Other Tindall appearances were in the TV movie of Max Headroom - 20 minutes into the future, and as Deborah Swaffham, putting married relations in jeopardy in Reginald Perrin’s commune in the third series of The Fall and Rise of Reginald Perrin. She even has a topless scene in 1980s ITV series A Kind of Loving.

She also ‘starred’ in the instantly forgettable 1980s Granada kitchen utensil factory office sitcom Nice Work. In the original Randell and Hopkirk series, Hilary Tindall smiles behind her veil in the episode ‘The Smile Behind The Veil’. In the 1960s superhero Tibetan lost civilization nonsense sci-fi secret agent series The Champions, by Terry Nation’s co-writer on The Dalek Master Plan, Dennis Spooner, Hilary featured in one episode as a scientist’s fiancee who discovers he is selling high-speed planes to China. Nation contributed scripts to The Champions, series.

David Ashford, who played engineer, ‘radio-pic’ operator and bonkers megalomaniac Bob Slater, was in BBC2’s murder series Malice Aforethought and one of the Quatermass films. All the other actors disappeared off the theatrical radar screen shortly after appearing in Curse.

So obscure were the cast that set designer Jay Hutchinson Scott was perhaps the most famous one who outshone them all. He had designed for Glyndebourne and the National Theatre of the Netherlands, for TV and films, but is best known for the set design of No Sex Please, We’re British. He was more at home with intimate, realistic drawing room interiors with a sofa in the middle for half naked dolly birds to chase Ronnie Corbett around in his vest and spotted boxer shorts than with scanner rooms on Skaro.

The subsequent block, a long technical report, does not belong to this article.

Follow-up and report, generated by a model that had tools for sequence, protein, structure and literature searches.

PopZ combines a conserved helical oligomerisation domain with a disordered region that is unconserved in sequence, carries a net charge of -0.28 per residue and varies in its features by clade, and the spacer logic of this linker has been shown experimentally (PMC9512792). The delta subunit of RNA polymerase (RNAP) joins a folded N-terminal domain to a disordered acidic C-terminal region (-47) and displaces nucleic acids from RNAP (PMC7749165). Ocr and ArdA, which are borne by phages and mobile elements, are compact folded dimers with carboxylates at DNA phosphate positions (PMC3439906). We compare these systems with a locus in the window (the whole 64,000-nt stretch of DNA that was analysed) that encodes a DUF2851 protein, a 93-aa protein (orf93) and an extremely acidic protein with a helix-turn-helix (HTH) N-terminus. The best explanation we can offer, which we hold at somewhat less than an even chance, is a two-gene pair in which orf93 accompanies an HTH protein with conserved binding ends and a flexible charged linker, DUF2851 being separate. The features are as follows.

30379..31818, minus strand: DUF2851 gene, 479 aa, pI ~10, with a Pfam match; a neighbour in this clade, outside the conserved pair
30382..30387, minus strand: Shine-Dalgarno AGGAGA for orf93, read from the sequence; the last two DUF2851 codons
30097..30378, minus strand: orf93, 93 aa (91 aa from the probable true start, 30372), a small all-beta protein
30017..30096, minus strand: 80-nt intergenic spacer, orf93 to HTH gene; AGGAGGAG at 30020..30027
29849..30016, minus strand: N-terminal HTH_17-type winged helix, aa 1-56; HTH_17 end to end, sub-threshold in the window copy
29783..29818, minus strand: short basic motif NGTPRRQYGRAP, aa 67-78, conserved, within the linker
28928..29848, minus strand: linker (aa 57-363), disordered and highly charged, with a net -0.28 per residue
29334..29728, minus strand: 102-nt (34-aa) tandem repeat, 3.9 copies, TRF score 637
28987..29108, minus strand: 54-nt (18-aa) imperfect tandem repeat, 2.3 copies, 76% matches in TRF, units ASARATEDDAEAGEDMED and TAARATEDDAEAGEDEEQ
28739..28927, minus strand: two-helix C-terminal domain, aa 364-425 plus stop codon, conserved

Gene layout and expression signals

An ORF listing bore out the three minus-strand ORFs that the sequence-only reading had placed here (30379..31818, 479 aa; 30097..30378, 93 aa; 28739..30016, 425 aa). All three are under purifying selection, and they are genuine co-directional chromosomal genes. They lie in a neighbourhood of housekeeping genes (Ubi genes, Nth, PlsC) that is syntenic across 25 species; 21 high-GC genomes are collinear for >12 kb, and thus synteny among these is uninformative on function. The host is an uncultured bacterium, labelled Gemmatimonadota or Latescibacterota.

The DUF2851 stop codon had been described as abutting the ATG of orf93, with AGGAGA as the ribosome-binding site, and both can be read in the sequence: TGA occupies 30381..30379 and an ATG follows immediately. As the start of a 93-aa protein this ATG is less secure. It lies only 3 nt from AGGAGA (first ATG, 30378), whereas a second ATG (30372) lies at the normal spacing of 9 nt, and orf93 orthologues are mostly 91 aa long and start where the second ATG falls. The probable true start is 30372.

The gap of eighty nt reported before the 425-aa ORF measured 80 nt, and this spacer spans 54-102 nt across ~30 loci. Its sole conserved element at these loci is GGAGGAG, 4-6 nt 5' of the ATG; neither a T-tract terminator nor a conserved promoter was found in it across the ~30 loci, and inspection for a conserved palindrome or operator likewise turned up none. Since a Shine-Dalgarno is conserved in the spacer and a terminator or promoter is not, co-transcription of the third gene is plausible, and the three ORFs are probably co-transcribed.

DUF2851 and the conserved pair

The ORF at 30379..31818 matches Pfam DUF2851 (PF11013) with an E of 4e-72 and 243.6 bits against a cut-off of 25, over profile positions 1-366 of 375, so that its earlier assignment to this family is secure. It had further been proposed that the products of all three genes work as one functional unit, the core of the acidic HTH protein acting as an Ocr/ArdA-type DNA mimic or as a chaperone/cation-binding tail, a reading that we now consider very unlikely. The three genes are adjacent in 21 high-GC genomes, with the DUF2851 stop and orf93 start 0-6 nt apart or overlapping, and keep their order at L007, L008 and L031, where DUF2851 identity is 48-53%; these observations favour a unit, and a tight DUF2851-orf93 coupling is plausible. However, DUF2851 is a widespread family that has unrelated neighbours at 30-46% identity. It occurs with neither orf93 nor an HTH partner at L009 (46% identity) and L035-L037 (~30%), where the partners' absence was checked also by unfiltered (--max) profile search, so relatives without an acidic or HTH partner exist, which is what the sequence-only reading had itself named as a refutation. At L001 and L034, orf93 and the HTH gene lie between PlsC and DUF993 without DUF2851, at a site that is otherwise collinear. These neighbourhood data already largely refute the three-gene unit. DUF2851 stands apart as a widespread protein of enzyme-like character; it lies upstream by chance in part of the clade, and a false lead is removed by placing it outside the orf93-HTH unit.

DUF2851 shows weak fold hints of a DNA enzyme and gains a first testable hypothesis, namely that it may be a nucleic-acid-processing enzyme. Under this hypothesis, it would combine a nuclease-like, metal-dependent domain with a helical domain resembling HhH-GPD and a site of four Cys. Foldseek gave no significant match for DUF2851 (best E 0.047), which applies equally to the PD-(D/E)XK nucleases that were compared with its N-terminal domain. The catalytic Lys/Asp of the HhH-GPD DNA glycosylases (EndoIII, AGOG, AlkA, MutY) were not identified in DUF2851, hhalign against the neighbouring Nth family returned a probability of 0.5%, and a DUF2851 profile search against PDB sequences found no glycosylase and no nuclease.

Kenneth Williams in The Platinum Cat played in the evenings on the same stage after the Daleks had gone home, with the same producer as Curse, so it must have been a set that was easy to take down and put up again. Williams’ autobiography does not mention whether he tripped over the set for Skaro during his “Oooh, Matron!” routine.

Maybe the real curse in Curse of the Daleks is the tendency of not very far-sighted people throughout future history to go and bloody well turn the Dalek’s power on again. I blame the public information advertisements, which clearly aren’t scary enough. We’ve got some truly horrific ‘don’t drink and drive’ and teenage roadkill public information ads at cinemas these days, but what we really need is something like ‘Think once, think twice, think don’t go and turn the Dalek’s power back on again.’

© Copyright Matt Salusbury 2006, 2013

UPDATE (August 2013): The article above first appeared in This Way Up fanzine in January 2006, on the 40th anniversary of Curse of the Daleks. This Way Up has since succumbed to a bizarre national shortage of A5 envelopes, but the fanzines Live On Mars and Fringeworld have risen to take its place. (See the link at the top of this page.) My other articles for This Way Up/Fringeworld/Live On Mars/whatever it's called this week include How TV's greatest playwright Dennis Potter almost worked for Doctor Who

Since the article first appeared, the wonderful Theatre Museum’s library in London’s Covent Garden, where I did the initial research, has sadly closed. The revival of Doctor Who has also seen a revival of wall-to-wall Dalek-related merchandising. Dalek-human hybrid voice-changing masks, bubble bath, sticker books, limited edition Woolworth’s special model sets featuring Daleks in Manhattan “panel-damaged Daleks” and Marks and Spencers Dalek keyrings and two pages of Daleks in the Asda catalogue have taken Dalekmania well beyond the range of its previous 1965 zenith.

Altered Vistas - a non-profit one-man labour of love by Stuart Palmer - used to do an animated version of Curse of the Daleks which would be sent out for the price of postage. They stopped for copyright reasons when Big Finish's audio CD production of Curse of the Daleks came along. Yes, Big Finish thought Curse of the Daleks was actually good enough to spend money on!


Michael said...

The Curse of the Daleks script. I just a copy of this script and look forward to reading it.